Wine with Leslie: What goes into a classic wine and how to spot a future classic

What makes a ‘Classic’ wine? More importantly do we still want the classics or do we want to discover the new and future classics?
Wine with Leslie: What goes into a classic wine and how to spot a future classic
A generic photo of a woman drinking red wine. Photo: PA Photo/thinkstockphotos

What makes a ‘Classic’ wine? More importantly do we still want the classics or do we want to discover the new and future classics? Well you can choose this week from the brand new Marks and Spencer 'Classic' range covering everything from Beaujolais to Bordeaux or from some wines I consider the future. Everything I have tasted in the new range is indeed typical and this is largely a good thing. I must admit I have somewhat moved on from the sweet vanilla American oak flavours of Rioja as typified in the M&S version but there is no doubt it is still authentic.

Selections this week are three from the new M&S range and three wines I consider alternative classics. I chose the three M&S wines which I thought showed the most typicity and had the best balance of flavours but my choice of future classics is more controversial. Piedmont is most famed for the great Nebbiolo based wines of Barolo and Barbaresco but the region’s second grape Barbera is also increasingly treated with seriousness, notably around the village of Asti where it gets the very best land (Nebbiolo is not included in the Asti DO). Barbera blends well with Nebbiolo (adding fruit and weight) and generally displays pleasing soft cherry fruits while retaining good acidity (sometimes too much) so is more approachable than Nebbiolo. Top examples include Pio Cesare ‘Fides’ and Michele Chiarlo’s ‘Nizza’ but there are lots of Barbera under €20 worth trying.

Argentina’s Malbec is already well established as a world classic but less is written about that country’s second most planted grape Bonarda. Bonarda we now know is unrelated to the various Italian Bonarda grapes and is in fact the little planted Douce Noir from the Savoie. It is rare to encounter a Bonarda that is not fruit driven and juicy while also retaining some freshness, especially when grown in vineyards at altitude like the Colomé below.

Finally you might wonder why I have included a Bordeaux as a future classic but this is as far from traditional Claret as you could imagine, biodynamic, natural yeasts, fermented in amphora and virtually no sulphur added so this is all about velvety primary fruits and youthful drinkability (although I suspect it will age well enough). The demand for minimum intervention wines is increasing all the time and while they will never be easy to make in Bordeaux given the climate it can be done.

Wines Under €15

M&S Classic Claret 2019, Bordeaux, France - €10.50

Stockist: Marks & Spencer

This was made in conjunction with Charles Sichel of Bordeaux’s Maison Sichel, a solidly reliable producer. As you would expect it’s mostly Merlot (60%), but less commonly has a good quantity of Cabernet Franc (30%) plus 17% Cabernet Sauvignon. The Cab Franc adds pleasing blackcurrant leaf and graphite notes and easily compensates for the omission of oak - I really liked the crunchy black fruit flavours and that this was so unmistakably Bordeaux.

M&S Classics Gavi, Piedmont, Italy - 10.50

Stockist: Marks & Spencer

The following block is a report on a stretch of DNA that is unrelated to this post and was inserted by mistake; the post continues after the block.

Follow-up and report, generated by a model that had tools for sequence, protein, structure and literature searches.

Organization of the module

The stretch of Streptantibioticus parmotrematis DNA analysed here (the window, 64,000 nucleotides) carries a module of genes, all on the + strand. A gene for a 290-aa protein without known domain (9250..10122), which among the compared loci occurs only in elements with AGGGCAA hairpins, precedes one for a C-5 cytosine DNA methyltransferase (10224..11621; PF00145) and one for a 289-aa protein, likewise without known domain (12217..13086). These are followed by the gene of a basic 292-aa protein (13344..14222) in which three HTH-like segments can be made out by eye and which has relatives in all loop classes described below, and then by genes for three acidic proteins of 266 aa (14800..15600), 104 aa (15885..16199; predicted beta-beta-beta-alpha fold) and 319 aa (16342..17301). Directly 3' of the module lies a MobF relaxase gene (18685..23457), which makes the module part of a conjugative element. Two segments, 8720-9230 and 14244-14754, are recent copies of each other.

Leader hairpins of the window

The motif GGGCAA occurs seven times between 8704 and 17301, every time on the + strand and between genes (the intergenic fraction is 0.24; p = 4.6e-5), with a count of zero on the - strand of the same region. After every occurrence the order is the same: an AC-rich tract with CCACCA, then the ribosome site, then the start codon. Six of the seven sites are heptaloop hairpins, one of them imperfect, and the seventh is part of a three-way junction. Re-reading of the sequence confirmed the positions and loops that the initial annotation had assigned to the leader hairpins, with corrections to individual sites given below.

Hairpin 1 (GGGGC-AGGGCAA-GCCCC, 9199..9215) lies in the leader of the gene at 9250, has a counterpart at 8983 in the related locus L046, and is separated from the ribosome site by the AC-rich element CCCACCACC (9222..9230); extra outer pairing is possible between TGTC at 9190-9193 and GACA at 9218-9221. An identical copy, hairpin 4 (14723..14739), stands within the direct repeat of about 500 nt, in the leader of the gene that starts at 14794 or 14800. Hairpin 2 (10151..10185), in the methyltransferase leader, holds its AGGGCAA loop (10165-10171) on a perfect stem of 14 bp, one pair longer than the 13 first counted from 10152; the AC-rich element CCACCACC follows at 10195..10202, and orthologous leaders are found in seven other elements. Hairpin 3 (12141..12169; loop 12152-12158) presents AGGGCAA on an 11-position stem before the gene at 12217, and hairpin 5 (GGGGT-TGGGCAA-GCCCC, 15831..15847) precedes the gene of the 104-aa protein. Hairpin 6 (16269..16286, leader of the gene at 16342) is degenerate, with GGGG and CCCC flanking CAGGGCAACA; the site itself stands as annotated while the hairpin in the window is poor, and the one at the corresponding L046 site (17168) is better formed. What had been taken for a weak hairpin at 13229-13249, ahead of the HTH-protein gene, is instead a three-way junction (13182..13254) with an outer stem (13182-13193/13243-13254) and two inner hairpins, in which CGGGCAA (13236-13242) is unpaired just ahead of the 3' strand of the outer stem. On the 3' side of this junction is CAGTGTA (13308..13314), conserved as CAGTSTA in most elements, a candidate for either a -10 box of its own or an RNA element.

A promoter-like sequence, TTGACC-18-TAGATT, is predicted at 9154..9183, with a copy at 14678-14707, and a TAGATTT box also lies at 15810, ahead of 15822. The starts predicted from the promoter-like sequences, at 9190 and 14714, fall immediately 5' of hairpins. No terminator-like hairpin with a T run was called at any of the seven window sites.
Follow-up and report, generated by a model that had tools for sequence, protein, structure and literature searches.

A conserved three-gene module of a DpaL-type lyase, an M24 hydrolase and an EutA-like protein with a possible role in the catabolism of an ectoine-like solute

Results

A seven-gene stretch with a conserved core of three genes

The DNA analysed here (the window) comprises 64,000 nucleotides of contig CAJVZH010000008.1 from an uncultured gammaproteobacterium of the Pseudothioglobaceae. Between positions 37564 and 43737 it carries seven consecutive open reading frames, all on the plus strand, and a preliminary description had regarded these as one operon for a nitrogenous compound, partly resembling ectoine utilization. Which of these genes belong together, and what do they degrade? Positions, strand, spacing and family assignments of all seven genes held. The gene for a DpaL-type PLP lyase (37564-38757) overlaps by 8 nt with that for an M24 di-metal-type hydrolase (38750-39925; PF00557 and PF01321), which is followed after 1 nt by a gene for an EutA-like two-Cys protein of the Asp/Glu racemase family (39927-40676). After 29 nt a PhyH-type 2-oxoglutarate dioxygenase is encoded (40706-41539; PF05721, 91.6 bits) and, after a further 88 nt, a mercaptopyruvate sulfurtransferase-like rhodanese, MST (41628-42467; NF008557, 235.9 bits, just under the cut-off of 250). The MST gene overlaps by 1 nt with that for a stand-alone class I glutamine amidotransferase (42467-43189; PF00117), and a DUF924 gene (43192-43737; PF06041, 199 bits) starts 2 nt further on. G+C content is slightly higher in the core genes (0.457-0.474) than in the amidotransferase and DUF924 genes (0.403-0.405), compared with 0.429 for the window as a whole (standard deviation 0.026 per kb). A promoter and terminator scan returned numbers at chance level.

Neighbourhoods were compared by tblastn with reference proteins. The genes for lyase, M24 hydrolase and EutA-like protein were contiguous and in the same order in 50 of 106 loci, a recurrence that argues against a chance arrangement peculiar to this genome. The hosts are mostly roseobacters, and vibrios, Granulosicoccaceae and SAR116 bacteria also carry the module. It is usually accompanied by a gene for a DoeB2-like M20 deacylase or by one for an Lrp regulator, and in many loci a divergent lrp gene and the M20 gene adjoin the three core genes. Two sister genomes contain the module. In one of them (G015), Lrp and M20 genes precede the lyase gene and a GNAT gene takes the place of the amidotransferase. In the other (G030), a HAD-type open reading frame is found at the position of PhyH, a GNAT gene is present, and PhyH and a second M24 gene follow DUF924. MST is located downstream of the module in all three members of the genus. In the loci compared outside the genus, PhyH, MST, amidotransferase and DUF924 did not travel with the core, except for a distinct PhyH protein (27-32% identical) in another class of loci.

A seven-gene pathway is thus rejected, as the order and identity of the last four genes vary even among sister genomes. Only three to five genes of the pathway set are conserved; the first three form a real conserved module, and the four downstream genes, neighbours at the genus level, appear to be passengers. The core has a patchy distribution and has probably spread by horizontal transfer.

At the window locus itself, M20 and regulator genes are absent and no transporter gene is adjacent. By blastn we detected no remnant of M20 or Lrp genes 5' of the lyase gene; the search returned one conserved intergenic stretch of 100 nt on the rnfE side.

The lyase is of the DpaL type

I have come around to Gavi in the past couple of years, especially as the less expensive versions are getting better and better. This is made by one of the progressive co-operatives in Gavi who (Araldica) and made from south facing vines that average 35 years old. Chalky mineral pear and apple aromas, crisp and taut on the palate but with texture thanks to lees contact. A bargain.

Mineralstein M&S Classic German Riesling, Pfalz, Germany - €14.00

Stockist: Marks & Spencer

A couple of weeks ago I gave the column over to Riesling and I would likely have featured this had I tasted it in time. There’s a touch of residual sugar (8g per litre) so the finish is rounded, but this bristles with citrus-tinged salty acidity and would be a fine match for Asian flavours or sipped on a sunny day while someone feeds you grilled prawns from the bbq.

Wines Over €15

Le Pole Barbera d’Asti DOCG 2018, Piedmont, Italy - €16.99

Stockists: Jus de Vine, Blackrock Cellar, Baggot St. Wines, McHughs, Red Nose Wines, Dwans and via

A grape that is not considered ‘classic’ but is treated more and more seriously by Piemontese producers, especially around the villages of Asti and Alba. Dark ruby red, black cherry aromas, fruity and ripe on the palate with grip and textured dark fruits coming through - brisk acidity on the finish but balanced by fruit.

Bodega Colomé ‘Lote Especial’ Bonarda 2018 - €25.99

Stockists: Avoca Handweavers, Power & Co Lucan, World Wide Wines Waterford - order online via

From a single plot in the Colomé vineyard surrounding the winery at 2300 metres above sea level, one of the world’s highest. Argentinian Bonarda is effectively native to the country and deserves wider fame - rich purple colour, bright ripe red fruits on the nose, soft berry fruits on the palate with pleasing juicy freshness. Supremely easy drinking, best served a little cool.

Château Peybonhomme-les-Tours, Energies, Blaye, Bordeaux - €31.00

Stockists: Little Green Grocer, Mannings Emporium, Vintry,

So Bordeaux is clearly a ‘classic’ region but few have these flavours except perhaps Ch. Le Puy - this style will be seen as classic in the future. This is amphora aged, biodynamic and natural in style with bright plum fruit aromas, soft and full on the palate with ripe edgy black fruits, grip and intensity and a delicious fleshy and textured finish.

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